|Apr-12-12|| ||Once: A game which proves, if proof were needed, that the needs of the many outweigh the needs of the few. Or the one.|
Here many minor pieces for black outweigh a fewer stronger pieces for white. Until white has only one left piece left. And then gets mated.
|Apr-12-12|| ||Peligroso Patzer: <newzild: I must be one of the few people who didn't like that episode.|
Still, a good pun and a good game.>
I also found the "Tribbles" episode less than compelling, actually very near the bottom of any ranking I might compile of the various episodes from original Star Trek series. (What was the point of that episode, any way, if any fan cares to explain?)
Nevertheless, it was a famous episode, and the pun is outstanding ... truly wince-worthy.
|Apr-12-12|| ||Peligroso Patzer: <Once: A game which proves, if proof were needed, that <the needs of the many outweigh the needs of the few. Or the one.> *** >|
That philosophy can be noble, indeed, when it forms the basis for individual choice (as with Mr. Spock’s choice in the “Wrath of Khan”, the most-brilliant-ever cinematic combined interpretation of “Moby-Dick” and “Tale of Two Cities”). Beware, however, the government that undertakes to enforce that ethos on its citizenry.
|Apr-12-12|| ||vajeer: Is 24. Qb5 stronger than Qe4|
|Apr-12-12|| ||Once: The philosophy can also be reversed, as when the crew subequently risk their lives to save Spock. Sometimes the needs of the one or the few can outweigh the needs of the many. Perhaps showing that humanity is sometimes supremely illogical.|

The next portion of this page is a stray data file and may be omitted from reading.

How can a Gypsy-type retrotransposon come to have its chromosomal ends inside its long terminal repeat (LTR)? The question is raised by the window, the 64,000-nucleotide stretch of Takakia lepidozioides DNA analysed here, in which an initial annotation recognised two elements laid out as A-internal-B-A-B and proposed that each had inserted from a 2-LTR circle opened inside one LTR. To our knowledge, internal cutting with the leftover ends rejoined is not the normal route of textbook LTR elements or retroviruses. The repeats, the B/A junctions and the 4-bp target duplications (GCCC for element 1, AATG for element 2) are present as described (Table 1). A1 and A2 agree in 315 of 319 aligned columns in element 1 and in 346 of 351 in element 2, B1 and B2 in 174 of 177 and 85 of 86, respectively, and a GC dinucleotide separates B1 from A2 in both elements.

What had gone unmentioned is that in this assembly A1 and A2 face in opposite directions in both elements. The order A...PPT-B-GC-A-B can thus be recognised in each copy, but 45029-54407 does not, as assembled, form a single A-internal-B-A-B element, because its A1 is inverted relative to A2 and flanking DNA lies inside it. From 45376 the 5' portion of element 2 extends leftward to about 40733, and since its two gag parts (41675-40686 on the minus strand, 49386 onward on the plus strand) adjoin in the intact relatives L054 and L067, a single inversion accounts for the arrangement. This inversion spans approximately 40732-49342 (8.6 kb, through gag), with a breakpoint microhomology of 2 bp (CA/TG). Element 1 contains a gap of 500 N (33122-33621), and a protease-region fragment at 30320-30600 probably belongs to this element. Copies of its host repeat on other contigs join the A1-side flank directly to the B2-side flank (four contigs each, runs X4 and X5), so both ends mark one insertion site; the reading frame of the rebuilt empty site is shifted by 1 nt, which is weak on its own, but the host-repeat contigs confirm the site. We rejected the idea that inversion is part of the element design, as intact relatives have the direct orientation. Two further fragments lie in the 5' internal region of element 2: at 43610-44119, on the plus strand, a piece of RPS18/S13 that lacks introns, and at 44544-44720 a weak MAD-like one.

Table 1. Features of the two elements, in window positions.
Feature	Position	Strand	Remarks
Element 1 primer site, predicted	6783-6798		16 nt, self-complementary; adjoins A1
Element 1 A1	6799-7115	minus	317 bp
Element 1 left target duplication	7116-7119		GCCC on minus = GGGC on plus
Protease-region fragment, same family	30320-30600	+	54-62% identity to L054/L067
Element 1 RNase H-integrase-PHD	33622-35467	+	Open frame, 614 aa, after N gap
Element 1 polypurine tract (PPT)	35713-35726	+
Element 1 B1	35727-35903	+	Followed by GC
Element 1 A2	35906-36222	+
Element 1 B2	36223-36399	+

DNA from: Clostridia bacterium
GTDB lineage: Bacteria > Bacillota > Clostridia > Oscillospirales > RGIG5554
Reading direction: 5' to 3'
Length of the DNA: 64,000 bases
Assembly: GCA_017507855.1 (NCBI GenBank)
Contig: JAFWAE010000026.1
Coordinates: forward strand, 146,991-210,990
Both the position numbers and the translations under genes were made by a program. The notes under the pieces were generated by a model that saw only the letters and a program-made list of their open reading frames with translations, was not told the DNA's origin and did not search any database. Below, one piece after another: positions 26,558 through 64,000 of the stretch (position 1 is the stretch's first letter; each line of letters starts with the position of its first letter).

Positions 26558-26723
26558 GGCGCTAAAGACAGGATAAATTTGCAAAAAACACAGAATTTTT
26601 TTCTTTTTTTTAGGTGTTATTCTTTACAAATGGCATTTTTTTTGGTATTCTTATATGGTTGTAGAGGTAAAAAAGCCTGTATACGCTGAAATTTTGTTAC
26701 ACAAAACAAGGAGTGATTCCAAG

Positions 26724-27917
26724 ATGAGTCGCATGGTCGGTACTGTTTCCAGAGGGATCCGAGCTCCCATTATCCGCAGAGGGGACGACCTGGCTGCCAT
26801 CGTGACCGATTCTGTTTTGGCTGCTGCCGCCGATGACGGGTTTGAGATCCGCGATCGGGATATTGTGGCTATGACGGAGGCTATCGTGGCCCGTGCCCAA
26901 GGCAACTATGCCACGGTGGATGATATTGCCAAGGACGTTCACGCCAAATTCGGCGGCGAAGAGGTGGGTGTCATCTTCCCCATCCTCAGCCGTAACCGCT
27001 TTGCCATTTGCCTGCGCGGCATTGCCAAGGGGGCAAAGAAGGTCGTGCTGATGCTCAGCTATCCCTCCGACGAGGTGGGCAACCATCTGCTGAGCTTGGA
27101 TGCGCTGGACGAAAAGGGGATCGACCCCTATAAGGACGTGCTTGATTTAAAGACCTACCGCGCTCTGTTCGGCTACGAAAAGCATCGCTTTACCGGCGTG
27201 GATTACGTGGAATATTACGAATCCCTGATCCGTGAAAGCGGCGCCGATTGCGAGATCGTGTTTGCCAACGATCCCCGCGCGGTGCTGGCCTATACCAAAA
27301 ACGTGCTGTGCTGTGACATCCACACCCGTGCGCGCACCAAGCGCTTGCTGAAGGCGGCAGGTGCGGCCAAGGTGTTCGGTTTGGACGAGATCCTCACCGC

|Apr-12-12|| ||OhioChessFan: <Sometimes the needs of the one or the few can outweigh the needs of the many. >|
|Apr-12-12|| ||nummerzwei: <King Death: <nummerzwei> I'm not sure why you'd have a problem with what <Garech> said, many of the early Sicilians were played passively by White. Even in games I've seen as late as the 1950s White players didn't seem to understand that they had to play for the attack since most Sicilian endings are good for Black because of his better pawn structure.>|
OK, but <Garech> said that <both sides play rather tamely>. As far as I can see, however, Black didn't.
Secondly, the Dragon (with Be2, of course) was hardly novel at that time, having been played prominently already by Lasker.
I just felt that <Garech's> comment may be more appropriate for other games, such as these:
H Mueller vs H Johner, 1934
Marshall vs Pillsbury, 1904
|Apr-12-12|| ||maxi: <Marmot PFL: The bios say neither player survived WW2. Treybal was shot by the Gestapo and Petrov died in the Gulag.> Quote from The Devil´s Advocate, "Who, in their right mind, Kevin, could possibly deny the twentieth century was entirely mine?"|
|Apr-12-12|| ||HeMateMe: <The Trouble with Tribbles> introduces Harry Mudd to audiences. What's not to like?|
|Apr-13-12|| ||nummerzwei: I may be beating a dead horse, but nonetheless I would like to help my case along by saying that the position after the first eleven moves of this game is identical with that after the first ten of the recent Ding Yixin-Tan Zhongyi game in a Chinese Women's Tournament, the only exception being that White gained the useful move h3 here (Tan played d7-d5).|
|Apr-15-12|| ||newzild: <HeMateMe: The Trouble with Tribbles introduces Harry Mudd to audiences. What's not to like?>|
|Apr-16-12|| ||Benzol: <HeMateMe> <<The Trouble with Tribbles> introduces Harry Mudd to audiences.>|
No it doesn't! Harry Mudd appeared twice in original Star Trek. The episodes were "Mudd's Women" and "I Mudd".
|Apr-20-12|| ||DarthStapler: The name of the merchant in this episode was Cyrano Jones|